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Kuebler v. Vectren Corp.

United States District Court, S.D. Indiana, Evansville Division

August 22, 2018

MICHAEL KUEBLER, et ah, Plaintiffs,
v.
VECTREN CORPORATION, et al. Defendants.

          ENTRY ON PLAINTIFFS' MOTION FOR PRELIMINARY INJUNCTION

          RICHARD L. YOUNG, JUDGE

         Vectren Corporation ("Vectren") and CenterPoint Energy, Inc. ("CenterPoint") entered into a merger agreement under which Vectren becomes a CenterPoint company and agrees to pay its shareholders $72.00 cash per share for each share of common stock held. As required by federal securities laws, Vectren filed several proxy statements with the Securities and Exchange Commission in connection with the merger. Litigation then ensued. The court consolidated seven different lawsuits and appointed Michael Kuebler, James Danigelis, and Michael Nisenshal ("Plaintiffs") as lead plaintiffs. Now before the court is Plaintiffs' motion for a preliminary injunction which seeks to enjoin the upcoming shareholder vote set for August 28, 2018. For the reasons set forth below, the court DENIES Plaintiffs' motion.

         I. Background

         The following facts are undisputed. On April 21, 2018, Vectren, an energy holding company, and CenterPoint, a public utility holding company, entered into a merger agreement. Under the agreement, Vectren becomes a CenterPoint company and agrees to pay its shareholders $72.00 cash per share for each share of common stock held. On June 18, 2018, as required by federal securities law, Vectren filed a 172-page preliminary proxy statement with the SEC related to the merger. (See Filing No. 35, Preliminary Proxy Statement, Ex. Al). On July 16, 2018, Vectren filed its definitive proxy statement. (Filing No. 35, Definitive Proxy Statement, Ex. A2). The definitive proxy statement provides that there will be a shareholder meeting on August 28, 2018 at which point the shareholders will be asked to approve the merger.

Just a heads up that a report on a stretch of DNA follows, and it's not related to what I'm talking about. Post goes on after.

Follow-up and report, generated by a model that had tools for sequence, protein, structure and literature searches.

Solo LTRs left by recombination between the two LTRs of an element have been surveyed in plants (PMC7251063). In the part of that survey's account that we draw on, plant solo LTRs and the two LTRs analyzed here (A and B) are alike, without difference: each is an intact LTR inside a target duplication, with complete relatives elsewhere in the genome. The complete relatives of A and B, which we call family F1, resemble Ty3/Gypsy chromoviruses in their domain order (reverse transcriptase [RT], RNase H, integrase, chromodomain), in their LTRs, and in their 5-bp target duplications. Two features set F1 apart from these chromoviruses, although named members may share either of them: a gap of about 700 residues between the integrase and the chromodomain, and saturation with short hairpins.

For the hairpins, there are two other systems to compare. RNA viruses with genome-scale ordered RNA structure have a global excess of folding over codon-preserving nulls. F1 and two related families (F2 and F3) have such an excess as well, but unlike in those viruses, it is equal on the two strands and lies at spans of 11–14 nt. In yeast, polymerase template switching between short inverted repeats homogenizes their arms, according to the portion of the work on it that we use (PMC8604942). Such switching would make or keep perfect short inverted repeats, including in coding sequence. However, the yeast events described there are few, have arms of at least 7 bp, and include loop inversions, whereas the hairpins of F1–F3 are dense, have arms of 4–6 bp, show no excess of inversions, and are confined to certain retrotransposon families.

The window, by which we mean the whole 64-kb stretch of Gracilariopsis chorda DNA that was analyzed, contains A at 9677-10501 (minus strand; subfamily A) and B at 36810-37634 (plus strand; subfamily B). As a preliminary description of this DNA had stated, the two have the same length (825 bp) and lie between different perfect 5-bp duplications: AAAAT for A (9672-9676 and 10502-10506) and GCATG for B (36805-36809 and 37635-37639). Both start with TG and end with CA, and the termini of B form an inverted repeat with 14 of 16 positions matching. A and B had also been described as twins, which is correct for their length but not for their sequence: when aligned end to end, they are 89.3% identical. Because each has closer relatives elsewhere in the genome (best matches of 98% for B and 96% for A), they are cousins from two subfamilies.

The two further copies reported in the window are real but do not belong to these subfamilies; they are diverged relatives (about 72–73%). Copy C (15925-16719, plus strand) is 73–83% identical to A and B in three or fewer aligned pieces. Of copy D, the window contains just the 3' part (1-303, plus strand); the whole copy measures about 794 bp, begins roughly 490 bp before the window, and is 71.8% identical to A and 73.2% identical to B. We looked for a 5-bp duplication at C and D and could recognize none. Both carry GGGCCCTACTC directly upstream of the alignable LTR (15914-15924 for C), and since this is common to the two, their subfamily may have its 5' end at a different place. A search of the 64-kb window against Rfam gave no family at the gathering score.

The filing of the proxy statements resulted in seven different lawsuits.[1]The thrust of the lawsuits was that Vectren and its board of directors (collectively "Defendants") violated Sections 14(a) and 20(a) of the Securities Exchange Act of 1943, 15 U.S.C. §§ 78a et seq., by omitting material information in the proxy statements, rendering them false and misleading. On July 10, 2018, Plaintiffs Kuebler and Danigelis both moved for a preliminary injunction. After the court consolidated the lawsuits, [2] on August 15, 2018, the court conducted a hearing on the pending motion for a preliminary injunction, and on August 17, 2018, both parties filed their proposed findings of fact and conclusions of law. The motion is now ripe for a decision.